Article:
In under five minutes, you can become equipped to save the life of someone suffering from an opioid overdose. By administering a fast-acting drug called naloxone, the life-threatening side effects of an overdose can be temporarily reversed.
Community paramedics, the RCMP and community nurses will be on hand at each naloxonetraining event to teach the public how to recognize the signs and symptoms of an overdose, and to answer questions. The events also include a short presentation on harm reduction, and a personal story by a Moms Stop the Harm representative.
The number of illicit drug overdose deaths in BC equates to almost 3 deaths per day, with the Okanagan being one of the five areas in BC with the highest rates of overdose deaths.
“Learning to administer naloxone is effective and relatively simple,” says Todd Kunz, a community paramedic in Osoyoos. “Essentially, injecting naloxone reverses the effects of an overdose, which has caused a person’s breathing to slow or stop.”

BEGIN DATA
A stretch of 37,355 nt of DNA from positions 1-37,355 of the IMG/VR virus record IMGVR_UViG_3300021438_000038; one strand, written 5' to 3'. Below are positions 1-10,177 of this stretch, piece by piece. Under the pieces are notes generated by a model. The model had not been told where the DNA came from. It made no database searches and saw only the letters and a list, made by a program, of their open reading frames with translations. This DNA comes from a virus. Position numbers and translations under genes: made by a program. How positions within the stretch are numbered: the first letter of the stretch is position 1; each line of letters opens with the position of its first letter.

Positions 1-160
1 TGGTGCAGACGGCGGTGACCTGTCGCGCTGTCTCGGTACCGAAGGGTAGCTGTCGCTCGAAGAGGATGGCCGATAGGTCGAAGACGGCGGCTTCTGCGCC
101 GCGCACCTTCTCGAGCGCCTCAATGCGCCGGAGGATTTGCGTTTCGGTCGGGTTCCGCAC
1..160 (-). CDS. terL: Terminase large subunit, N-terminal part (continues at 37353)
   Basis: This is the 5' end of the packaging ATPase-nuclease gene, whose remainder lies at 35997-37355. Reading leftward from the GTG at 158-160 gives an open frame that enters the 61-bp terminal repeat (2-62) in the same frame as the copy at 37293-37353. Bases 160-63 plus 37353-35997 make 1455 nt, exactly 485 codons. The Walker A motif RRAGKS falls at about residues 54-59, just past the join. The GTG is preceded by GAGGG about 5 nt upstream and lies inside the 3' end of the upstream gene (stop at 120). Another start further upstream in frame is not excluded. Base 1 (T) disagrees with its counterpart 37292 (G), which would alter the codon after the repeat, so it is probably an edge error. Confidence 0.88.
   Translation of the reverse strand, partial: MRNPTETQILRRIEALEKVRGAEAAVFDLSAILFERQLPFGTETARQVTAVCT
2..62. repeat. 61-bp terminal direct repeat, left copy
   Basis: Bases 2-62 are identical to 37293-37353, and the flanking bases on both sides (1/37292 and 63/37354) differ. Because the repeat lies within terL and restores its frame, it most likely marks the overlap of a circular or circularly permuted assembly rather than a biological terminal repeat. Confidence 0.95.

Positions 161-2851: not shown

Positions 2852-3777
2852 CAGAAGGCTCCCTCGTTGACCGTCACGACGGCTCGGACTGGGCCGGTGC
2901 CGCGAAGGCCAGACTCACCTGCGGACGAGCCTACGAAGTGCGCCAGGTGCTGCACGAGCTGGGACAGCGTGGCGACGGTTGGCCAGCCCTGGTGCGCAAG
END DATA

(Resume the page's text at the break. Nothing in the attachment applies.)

Events scheduled for:
Osoyoos Monday, May 6th, 6-8pm, Sonora Community Centre (8505 68 Ave., Osoyoos)
Keremeos Tuesday, May 7th, 6-8pm, Victory Hall (427 Crowsnest Hwy, Keremeos)
Oliver Thursday, May 9th, 6-8pm, Oliver Senior Centre (5876 Airport St., Oliver)